On normal years though, one recommendation would be that the theatre performance is normally on the, not-much-to-see side of things, as the whole, mad doctor, Beetlejuice song and dance schtick gets old pretty fast. But surprisingly, this year’s Dead Talks segment is actually pretty entertaining. Held as a keynote-styled session given by a demon, Gideon, such performances usually hinges on the lead star, and Gideon is the kind of monster who can wake the dead with his charisma. Sure, there are still the usual song and dance routines, but the actor USS hired can easily wipe the floor with the other talents who used to host these performances. If anything, USS should bring him back next year for an encore performance. Like raising the dead, but for a good laugh.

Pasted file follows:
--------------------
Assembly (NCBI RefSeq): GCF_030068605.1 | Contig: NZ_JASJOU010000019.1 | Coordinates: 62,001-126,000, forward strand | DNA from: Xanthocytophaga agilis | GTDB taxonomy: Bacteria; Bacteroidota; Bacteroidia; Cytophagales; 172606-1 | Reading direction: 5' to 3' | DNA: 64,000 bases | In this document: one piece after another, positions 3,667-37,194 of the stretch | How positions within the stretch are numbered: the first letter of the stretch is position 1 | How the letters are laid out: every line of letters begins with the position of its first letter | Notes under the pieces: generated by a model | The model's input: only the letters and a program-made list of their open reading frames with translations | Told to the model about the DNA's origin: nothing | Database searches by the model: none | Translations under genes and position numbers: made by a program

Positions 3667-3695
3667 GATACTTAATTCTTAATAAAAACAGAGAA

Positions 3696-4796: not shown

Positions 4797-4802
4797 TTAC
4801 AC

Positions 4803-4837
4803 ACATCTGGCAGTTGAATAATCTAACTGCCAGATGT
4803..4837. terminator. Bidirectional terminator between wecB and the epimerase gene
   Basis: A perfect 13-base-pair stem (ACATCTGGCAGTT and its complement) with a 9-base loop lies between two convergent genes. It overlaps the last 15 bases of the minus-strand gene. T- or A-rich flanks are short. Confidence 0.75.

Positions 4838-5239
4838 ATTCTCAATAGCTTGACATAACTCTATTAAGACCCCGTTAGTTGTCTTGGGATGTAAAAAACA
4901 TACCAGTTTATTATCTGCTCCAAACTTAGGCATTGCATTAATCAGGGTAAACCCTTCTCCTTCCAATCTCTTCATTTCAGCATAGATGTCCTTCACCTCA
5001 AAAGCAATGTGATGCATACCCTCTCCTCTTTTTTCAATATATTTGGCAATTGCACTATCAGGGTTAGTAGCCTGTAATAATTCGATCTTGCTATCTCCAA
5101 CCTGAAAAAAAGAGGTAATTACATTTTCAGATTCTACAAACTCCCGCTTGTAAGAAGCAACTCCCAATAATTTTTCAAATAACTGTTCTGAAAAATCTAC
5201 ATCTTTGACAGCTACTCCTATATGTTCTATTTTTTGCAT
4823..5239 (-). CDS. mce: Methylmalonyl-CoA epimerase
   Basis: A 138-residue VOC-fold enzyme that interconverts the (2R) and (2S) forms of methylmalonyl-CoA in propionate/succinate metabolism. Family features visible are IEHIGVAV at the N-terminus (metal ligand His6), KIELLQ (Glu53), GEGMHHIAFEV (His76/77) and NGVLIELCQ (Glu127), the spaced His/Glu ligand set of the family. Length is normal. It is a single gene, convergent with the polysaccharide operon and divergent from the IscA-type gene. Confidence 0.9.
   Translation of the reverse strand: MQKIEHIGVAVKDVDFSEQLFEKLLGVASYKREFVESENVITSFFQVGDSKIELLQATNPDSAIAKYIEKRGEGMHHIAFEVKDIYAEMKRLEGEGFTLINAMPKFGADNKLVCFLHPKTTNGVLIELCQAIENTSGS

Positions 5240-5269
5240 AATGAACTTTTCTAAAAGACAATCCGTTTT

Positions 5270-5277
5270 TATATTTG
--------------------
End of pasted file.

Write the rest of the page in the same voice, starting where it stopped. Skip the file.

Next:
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And like Gideon, the other talents in HHN8 seemed to have also picked up a few new skills of their own this year. Regular HHN attendees would no doubt have learned some tricks of the trade, and can easily identify hiding spots in each houses, but this year, the designers and actors have outdone themselves. The intention is not to out any of these vengeful spirits here, but in almost every house, the corridors are filled with spirits, some of who don’t do anything.

Oh, they are definitely paid to scare the guests, but whereas previous shows made it painfully obvious where the hiding spots or performance points where, there were moments in this year’s show where the actors intentionally skipped interacting with attendees, so that those attendees walking behind would be lulled into a false sense of security of not hearing or seeing anything ahead, before the actors struck. This gave each haunted home a more organic approach to interactions and scares.